- TACTICAL – supplier qualification and audits, RFI / RFP / negotiation activities (sourcing), supplier performance tracking, supplier development
- STRATEGIC – identifying business requirements, understanding supplier’s market position, analyzing supplier’s strategy and motivation, developing supplier strategy, risk management for suppliers, and specifying concrete initiatives
When we developed the strategic module for Supplier Management within Cirtuo, we realized how important it was to really address every issue that we know from experience troubles the procurement team. And it was crucial for us to systematize the process into four easy steps: Analysis, Strategy, Initiatives and Results, so people can efficiently track and enhance their supplier relationships:
Another buzzword in procurement recently is calling suppliers partners. And that’s great if that really is the case, but often people will use that word casually, but in reality, they don’t treat their suppliers in that way. Just as suppliers don’t see the company as their partner. But the industry is changing and to be ahead of the competition it’s key to incorporate less chaotic relationships with the help of data and nurture crucial suppliers so that a partnership is not just another buzzword.
What can you expect when you do become a customer of choice to suppliers?
- a quality relationship that facilitates easy resolution of operational and tactical activities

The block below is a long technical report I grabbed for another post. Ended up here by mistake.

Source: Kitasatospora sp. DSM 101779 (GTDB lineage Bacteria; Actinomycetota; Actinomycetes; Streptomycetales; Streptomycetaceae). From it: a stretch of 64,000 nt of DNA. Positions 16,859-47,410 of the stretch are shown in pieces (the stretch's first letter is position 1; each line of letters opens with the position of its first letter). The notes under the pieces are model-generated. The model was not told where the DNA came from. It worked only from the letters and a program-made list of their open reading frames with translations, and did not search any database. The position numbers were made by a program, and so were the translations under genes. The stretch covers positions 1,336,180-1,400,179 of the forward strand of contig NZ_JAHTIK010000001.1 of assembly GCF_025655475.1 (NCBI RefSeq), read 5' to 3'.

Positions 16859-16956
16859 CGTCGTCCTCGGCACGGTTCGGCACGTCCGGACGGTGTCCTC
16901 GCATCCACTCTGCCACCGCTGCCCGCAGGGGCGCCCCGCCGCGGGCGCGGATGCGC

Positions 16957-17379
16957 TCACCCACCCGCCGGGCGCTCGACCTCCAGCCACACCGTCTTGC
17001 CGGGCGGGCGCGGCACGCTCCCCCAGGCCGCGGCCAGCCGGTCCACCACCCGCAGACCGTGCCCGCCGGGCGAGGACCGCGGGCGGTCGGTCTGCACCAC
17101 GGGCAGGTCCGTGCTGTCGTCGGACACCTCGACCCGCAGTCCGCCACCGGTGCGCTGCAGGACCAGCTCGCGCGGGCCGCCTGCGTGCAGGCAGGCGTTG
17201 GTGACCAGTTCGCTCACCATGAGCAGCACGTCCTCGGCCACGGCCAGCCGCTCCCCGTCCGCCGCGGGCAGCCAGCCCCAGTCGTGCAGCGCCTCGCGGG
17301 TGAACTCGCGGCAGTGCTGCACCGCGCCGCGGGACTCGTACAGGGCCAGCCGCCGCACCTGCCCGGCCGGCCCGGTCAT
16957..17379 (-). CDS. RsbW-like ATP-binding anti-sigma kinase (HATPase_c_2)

- ensuring your delivery in case of bottlenecks, because, as you know, you’re not the only one in the game, your competitors are always ready and able to grab away a supplier
- you are granted access to exciting innovations and to the supplier’s own development capacities
- it’s much easier to manage performance and mitigate supplier risks.
Some will probably argue that if you’re in the procurement business, then you automatically have some sort of Supplier Management in place. And it’s true that whoever works in procurement has to deal with suppliers. Yet, measuring certain KPIs and informing suppliers about it once a year is not enough. It’s very different if someone deals with suppliers because they have to and if someone innovates to keep that relationship strong and has a system that keeps everything in check. By using the advantages of such a system, you’re able to transition from big data to smart data and by doing so you’re in the position to better understand suppliers’ motivation and strategy. Another big stepping stone is developing strategic competencies beyond sourcing and Category Management. Not to mention that automatization of operational and tactical activities is a must if we are to free up our team to develop strategic acuity.
It all boils down to keeping your lemonade stand reliable and stable, so people can enjoy thirst-quenching, delicious lemonade. Without those lemon suppliers, everyone is at a loss. When you’re taking care of your suppliers, you’re taking care of your business longevity.